Words by Ceri Black, pictures by Warren King
32 years after their first ever gig at the Hare and Hounds, UB40 have been awarded a PRS Music Heritage plaque, celebrating their worldwide achievements. Unveiled at the Kings Heath venue where it all began, UB40 are only the 8th ever recipients of the Performing Rights Society’s prominent award.
At an unusually early hour of 11.30am I found myself standing outside the Hare and Hounds. Despite battling the wind, traffic and an array of TV reporters, there was an impression of camaraderie and warm nostalgia about the venue.
PRS chairman Guy Fletcher unmasked the plaque, stating “this is a great opportunity to honour this great band and thank the venue that gave them their start.”
UB40 then treated the 100 invited fans to an unplugged, 30 minute set. Fronted by the original front man’s brother, Duncan Campbell, the band charged straight into a performance of One In Ten. The perfect way to get a bleary eyed audience moving, even if it was restricted to a slight hip wiggle or toe tap.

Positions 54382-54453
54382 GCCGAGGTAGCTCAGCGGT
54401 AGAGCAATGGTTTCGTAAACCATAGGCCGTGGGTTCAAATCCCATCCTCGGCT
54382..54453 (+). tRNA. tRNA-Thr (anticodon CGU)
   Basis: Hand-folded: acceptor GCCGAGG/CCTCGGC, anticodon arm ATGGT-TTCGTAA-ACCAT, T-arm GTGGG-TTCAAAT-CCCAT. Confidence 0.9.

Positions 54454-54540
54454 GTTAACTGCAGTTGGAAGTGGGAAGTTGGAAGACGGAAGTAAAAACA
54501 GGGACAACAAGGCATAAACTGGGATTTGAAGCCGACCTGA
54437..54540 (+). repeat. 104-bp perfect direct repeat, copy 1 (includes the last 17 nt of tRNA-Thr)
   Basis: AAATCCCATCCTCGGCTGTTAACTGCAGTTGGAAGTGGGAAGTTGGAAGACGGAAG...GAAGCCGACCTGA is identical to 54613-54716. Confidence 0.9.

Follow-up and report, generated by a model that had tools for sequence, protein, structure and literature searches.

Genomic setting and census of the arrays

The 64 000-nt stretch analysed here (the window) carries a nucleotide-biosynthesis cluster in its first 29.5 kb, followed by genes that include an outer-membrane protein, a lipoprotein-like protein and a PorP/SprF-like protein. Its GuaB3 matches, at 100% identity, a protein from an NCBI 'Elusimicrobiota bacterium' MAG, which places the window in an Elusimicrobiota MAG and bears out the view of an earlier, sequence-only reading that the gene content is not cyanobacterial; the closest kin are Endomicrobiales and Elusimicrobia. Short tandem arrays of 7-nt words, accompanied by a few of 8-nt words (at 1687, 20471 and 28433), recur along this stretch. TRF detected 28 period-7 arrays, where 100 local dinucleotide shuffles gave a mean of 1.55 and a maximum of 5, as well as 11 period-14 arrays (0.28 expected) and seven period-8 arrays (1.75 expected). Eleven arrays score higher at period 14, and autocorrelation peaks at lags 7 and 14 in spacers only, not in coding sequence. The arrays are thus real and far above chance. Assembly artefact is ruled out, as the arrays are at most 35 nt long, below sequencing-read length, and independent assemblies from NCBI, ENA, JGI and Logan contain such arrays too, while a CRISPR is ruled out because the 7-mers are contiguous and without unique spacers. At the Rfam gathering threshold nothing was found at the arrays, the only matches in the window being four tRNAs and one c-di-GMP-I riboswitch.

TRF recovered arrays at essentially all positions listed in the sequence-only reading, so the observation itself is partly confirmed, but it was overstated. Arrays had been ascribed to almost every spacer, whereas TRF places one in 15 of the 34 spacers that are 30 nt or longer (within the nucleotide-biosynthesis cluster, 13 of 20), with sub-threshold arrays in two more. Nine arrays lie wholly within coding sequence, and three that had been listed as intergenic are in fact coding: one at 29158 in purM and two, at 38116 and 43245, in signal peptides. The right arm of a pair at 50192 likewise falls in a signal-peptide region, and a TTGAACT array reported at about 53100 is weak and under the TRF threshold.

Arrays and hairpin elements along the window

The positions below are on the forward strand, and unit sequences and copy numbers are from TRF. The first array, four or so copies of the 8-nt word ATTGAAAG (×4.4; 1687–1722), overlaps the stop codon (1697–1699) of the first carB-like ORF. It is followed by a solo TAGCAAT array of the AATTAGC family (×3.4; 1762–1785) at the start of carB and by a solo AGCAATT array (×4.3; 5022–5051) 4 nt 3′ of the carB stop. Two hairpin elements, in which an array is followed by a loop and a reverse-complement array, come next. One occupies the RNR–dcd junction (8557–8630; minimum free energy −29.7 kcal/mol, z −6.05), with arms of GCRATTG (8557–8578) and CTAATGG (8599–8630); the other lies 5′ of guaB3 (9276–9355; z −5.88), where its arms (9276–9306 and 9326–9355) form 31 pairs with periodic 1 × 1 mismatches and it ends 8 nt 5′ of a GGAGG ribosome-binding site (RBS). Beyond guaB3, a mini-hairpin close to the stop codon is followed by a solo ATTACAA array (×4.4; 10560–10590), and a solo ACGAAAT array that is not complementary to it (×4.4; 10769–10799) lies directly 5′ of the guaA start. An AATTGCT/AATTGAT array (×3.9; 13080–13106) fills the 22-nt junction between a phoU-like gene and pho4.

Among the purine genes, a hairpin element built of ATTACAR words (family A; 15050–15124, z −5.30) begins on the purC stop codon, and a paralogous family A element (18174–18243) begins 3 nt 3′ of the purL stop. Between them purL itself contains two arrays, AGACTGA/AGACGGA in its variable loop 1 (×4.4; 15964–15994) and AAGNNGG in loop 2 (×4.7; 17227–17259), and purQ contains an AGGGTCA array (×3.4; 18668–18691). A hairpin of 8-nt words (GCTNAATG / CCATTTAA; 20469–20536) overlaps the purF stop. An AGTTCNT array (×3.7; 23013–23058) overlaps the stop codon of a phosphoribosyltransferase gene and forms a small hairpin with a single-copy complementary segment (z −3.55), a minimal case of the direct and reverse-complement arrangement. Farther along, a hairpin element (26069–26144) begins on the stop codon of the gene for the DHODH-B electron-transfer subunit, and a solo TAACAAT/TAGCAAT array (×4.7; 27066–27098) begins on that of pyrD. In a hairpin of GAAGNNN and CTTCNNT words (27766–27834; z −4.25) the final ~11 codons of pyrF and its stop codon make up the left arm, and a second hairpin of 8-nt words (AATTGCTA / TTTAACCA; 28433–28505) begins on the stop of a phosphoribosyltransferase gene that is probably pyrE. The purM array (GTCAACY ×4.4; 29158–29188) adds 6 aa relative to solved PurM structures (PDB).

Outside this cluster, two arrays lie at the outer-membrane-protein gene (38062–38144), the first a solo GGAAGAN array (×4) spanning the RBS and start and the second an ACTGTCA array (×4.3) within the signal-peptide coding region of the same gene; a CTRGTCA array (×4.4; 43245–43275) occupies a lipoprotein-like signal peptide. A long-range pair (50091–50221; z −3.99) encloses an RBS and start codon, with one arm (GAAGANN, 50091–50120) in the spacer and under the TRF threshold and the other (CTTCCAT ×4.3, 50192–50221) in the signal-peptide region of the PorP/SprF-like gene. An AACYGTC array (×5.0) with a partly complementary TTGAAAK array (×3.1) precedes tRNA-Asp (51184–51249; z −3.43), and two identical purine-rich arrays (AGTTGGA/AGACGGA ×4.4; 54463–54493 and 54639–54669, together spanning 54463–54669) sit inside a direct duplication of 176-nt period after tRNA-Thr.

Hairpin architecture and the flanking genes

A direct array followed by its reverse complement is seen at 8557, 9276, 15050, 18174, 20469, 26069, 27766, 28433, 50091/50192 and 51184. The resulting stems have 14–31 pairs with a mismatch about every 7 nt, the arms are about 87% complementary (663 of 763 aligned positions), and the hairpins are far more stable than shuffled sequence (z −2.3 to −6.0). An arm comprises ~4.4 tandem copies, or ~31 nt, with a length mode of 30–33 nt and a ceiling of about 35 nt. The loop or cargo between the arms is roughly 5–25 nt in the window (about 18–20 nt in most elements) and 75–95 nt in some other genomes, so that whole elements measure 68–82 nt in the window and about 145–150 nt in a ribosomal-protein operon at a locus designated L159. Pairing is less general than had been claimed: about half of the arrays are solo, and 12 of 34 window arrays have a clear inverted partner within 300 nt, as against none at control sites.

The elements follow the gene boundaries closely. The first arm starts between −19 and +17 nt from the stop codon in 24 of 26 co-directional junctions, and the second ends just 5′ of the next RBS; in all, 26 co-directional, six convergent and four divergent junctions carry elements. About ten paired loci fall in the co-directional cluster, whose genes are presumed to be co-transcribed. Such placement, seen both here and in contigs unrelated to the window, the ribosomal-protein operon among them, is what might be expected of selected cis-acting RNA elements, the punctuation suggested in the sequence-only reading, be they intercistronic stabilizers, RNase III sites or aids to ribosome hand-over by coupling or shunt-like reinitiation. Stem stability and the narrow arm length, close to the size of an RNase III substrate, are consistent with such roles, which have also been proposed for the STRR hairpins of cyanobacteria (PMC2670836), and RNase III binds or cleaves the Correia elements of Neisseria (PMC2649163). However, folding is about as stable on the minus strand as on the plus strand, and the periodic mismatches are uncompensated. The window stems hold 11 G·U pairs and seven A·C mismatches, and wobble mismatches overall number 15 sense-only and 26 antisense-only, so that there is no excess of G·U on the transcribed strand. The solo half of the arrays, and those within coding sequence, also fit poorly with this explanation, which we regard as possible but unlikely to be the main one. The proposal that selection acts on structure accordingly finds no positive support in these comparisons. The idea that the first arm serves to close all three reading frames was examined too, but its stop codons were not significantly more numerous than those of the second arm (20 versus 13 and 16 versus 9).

Brian Travers’ banter did not disappoint, helping to boost the already personal and intimate atmosphere. And although confused by seeing daylight pouring into the Hare and Hounds, the audience seemed aware they were being treated to something special.
Then, after playing classics Red Red Wine and Kingston Town, along with a couple of new tracks, the set was over as quickly as it began. Without so much as an encore, UB40 were off stage and downstairs at the bar, and even though the gig was free I couldn’t help but feel a little disappointed.
However watching this globally revered homegrown talent, play to a small select crowd on an upstairs pub stage, the sense of reverence was undeniable. Everyone was there to celebrate one of Birmingham’s most successful musicians. And I, for one, felt very proud.